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Permanent Birth Control: Understanding Your Options

Are you done having children but unsure if you're ready for permanent birth control? Learn about your options and get help determining if it's the right choice for you


This article has been archived. We will no longer be updating it. For our most up-to-date information, please visit our birth control information here.

When women have decided they are "done" having children, they need to understand their options for permanent birth control. Permanent birth control is the second most common form of birth control in the United States, according to the Centers for Disease Control and Prevention (CDC), but a recent survey conducted by Harris Interactive on behalf of HealthyWomen found that a majority of women aren't aware of all their options for permanent birth control. And, most women surveyed hadn't discussed the topic with their OB/GYN.

Why women choose permanent birth control
According to the survey, women find many benefits of permanent birth control. These include never having to worry about an unplanned pregnancy, the ability to have sex when and where you want, not having to take hormones and the overall ease it brings.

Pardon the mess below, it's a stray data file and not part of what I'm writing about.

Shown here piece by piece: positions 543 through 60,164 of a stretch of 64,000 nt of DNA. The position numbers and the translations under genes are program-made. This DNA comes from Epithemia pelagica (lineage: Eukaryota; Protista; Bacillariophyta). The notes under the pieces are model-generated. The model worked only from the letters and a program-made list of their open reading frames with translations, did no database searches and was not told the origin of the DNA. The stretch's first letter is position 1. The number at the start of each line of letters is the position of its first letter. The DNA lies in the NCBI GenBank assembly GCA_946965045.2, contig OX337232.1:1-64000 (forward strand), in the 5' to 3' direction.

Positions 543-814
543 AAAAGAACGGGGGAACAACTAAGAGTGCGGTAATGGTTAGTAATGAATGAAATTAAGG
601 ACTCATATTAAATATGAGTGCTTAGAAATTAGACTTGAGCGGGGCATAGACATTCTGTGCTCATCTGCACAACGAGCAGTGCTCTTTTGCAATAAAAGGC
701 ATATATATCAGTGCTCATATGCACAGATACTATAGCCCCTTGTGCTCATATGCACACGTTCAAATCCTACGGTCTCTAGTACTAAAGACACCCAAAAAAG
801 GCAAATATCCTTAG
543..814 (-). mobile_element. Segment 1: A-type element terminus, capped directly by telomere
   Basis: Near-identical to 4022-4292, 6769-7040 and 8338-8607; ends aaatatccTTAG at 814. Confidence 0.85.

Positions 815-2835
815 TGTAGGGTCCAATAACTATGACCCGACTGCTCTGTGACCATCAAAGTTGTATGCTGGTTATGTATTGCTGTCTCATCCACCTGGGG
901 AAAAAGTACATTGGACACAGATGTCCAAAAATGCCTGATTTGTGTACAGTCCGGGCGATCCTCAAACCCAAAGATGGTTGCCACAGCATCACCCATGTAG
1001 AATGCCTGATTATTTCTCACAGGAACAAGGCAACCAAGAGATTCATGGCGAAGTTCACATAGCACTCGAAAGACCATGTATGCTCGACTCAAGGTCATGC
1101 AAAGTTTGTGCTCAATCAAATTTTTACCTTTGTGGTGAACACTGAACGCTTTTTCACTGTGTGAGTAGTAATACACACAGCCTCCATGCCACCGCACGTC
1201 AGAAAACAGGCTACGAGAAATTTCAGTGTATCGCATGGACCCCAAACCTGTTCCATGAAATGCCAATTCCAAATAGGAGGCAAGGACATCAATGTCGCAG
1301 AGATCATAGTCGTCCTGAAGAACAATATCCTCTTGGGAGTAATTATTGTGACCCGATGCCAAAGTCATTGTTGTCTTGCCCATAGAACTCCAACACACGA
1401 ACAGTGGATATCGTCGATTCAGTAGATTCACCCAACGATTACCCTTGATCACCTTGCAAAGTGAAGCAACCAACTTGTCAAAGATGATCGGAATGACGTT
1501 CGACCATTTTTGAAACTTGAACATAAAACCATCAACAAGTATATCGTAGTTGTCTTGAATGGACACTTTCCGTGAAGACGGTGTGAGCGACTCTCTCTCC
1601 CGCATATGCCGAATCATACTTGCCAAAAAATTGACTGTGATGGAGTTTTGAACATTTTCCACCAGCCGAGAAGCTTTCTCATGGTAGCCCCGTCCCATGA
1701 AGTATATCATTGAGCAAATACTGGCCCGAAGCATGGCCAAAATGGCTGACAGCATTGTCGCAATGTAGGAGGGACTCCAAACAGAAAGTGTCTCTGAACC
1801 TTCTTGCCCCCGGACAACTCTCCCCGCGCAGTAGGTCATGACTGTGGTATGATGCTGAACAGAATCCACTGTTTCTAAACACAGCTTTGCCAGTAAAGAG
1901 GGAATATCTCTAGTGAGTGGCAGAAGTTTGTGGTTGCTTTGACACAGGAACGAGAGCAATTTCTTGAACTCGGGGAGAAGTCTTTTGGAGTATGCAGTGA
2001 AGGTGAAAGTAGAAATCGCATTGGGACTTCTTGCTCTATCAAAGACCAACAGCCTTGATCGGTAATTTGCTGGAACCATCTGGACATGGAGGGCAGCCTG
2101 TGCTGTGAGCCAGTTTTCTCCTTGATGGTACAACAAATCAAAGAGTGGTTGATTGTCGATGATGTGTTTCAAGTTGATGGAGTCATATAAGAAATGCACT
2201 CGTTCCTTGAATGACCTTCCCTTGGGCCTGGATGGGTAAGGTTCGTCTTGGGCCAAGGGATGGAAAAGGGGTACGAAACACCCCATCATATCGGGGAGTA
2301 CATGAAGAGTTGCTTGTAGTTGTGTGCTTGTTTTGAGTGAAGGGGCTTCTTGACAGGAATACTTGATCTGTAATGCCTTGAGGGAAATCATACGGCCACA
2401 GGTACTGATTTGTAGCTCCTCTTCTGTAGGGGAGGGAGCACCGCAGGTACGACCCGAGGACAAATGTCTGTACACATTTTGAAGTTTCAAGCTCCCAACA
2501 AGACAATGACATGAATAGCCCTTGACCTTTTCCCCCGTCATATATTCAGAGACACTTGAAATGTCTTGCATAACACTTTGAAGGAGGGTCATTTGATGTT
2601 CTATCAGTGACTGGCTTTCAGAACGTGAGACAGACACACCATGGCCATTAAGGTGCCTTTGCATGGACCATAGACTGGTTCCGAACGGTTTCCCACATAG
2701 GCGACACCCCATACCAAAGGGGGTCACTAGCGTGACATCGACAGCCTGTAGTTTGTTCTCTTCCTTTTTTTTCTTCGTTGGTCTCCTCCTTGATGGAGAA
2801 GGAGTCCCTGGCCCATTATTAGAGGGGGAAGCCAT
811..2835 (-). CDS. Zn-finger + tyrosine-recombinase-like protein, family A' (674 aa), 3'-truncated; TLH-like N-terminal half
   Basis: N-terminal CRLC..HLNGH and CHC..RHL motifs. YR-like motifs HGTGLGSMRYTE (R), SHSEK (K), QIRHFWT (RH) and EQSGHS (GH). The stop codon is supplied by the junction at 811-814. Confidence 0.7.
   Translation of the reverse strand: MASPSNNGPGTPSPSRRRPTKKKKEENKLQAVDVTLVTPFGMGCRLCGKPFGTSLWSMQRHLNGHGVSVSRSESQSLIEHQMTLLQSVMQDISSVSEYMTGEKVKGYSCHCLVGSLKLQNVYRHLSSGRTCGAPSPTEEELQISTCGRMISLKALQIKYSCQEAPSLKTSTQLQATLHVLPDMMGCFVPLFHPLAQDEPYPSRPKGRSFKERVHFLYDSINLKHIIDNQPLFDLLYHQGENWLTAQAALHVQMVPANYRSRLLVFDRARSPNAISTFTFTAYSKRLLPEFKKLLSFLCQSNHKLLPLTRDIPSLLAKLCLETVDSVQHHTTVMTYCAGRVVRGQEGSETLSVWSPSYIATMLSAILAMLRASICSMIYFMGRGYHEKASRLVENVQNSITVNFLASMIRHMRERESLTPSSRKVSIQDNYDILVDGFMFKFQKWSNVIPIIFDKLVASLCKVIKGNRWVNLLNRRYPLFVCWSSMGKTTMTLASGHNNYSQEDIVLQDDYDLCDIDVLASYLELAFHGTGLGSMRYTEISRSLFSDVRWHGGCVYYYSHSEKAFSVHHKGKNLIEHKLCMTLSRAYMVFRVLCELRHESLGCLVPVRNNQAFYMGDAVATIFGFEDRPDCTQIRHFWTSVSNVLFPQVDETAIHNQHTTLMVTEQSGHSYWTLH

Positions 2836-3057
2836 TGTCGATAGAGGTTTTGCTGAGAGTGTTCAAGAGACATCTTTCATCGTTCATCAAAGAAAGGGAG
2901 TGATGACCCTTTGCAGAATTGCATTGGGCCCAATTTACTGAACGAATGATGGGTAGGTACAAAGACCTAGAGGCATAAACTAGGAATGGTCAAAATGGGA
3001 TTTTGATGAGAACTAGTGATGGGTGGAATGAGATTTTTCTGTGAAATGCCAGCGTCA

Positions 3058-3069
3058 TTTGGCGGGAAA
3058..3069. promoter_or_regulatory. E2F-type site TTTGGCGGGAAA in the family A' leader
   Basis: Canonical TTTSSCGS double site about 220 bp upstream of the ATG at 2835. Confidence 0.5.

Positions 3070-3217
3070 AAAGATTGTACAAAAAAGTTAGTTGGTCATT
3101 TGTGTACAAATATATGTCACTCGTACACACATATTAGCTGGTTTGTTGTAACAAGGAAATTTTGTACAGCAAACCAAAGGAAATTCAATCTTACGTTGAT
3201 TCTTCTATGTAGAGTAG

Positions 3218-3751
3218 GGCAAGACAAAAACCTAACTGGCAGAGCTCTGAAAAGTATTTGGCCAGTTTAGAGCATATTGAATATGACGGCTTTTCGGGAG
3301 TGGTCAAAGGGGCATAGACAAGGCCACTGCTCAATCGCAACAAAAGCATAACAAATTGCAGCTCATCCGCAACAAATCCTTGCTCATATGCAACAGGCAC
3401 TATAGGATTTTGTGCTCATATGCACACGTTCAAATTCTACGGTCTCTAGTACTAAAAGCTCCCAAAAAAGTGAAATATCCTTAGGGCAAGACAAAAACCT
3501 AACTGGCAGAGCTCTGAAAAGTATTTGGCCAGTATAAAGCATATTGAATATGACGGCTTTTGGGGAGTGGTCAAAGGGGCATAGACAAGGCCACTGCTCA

The survey cited effectiveness in preventing pregnancy as one of the most important factors when considering permanent birth control. Permanent birth control procedures range between 98 and 99.8 percent effective, depending on the method. Permanent birth control is more effective than most temporary methods of birth control, particularly barrier methods such as the condom and diaphragm.

Talk to your health care professional about permanent birth control
Determining whether or not you're ready for permanent birth control is an important decision. While a majority of the women surveyed who are interested in permanent birth control have talked to their partner about it, less than a quarter of women have discussed the topic with their health care professional.

Here are some tips for talking to your health care professional:

  1. While booking your appointment, let them know that you would like to talk about your permanent birth control options so that you have ample time for that discussion.
  2. Bring a checklist of questions to your appointment to help guide the conversation.
  3. Let your health care professional know what is most important to you when looking at your options.
  4. Take notes.
  5. If you don't understand your doctor's responses, keep asking questions until you do.
  6. Ask your doctor to write down information or give you printed materials that you can take home.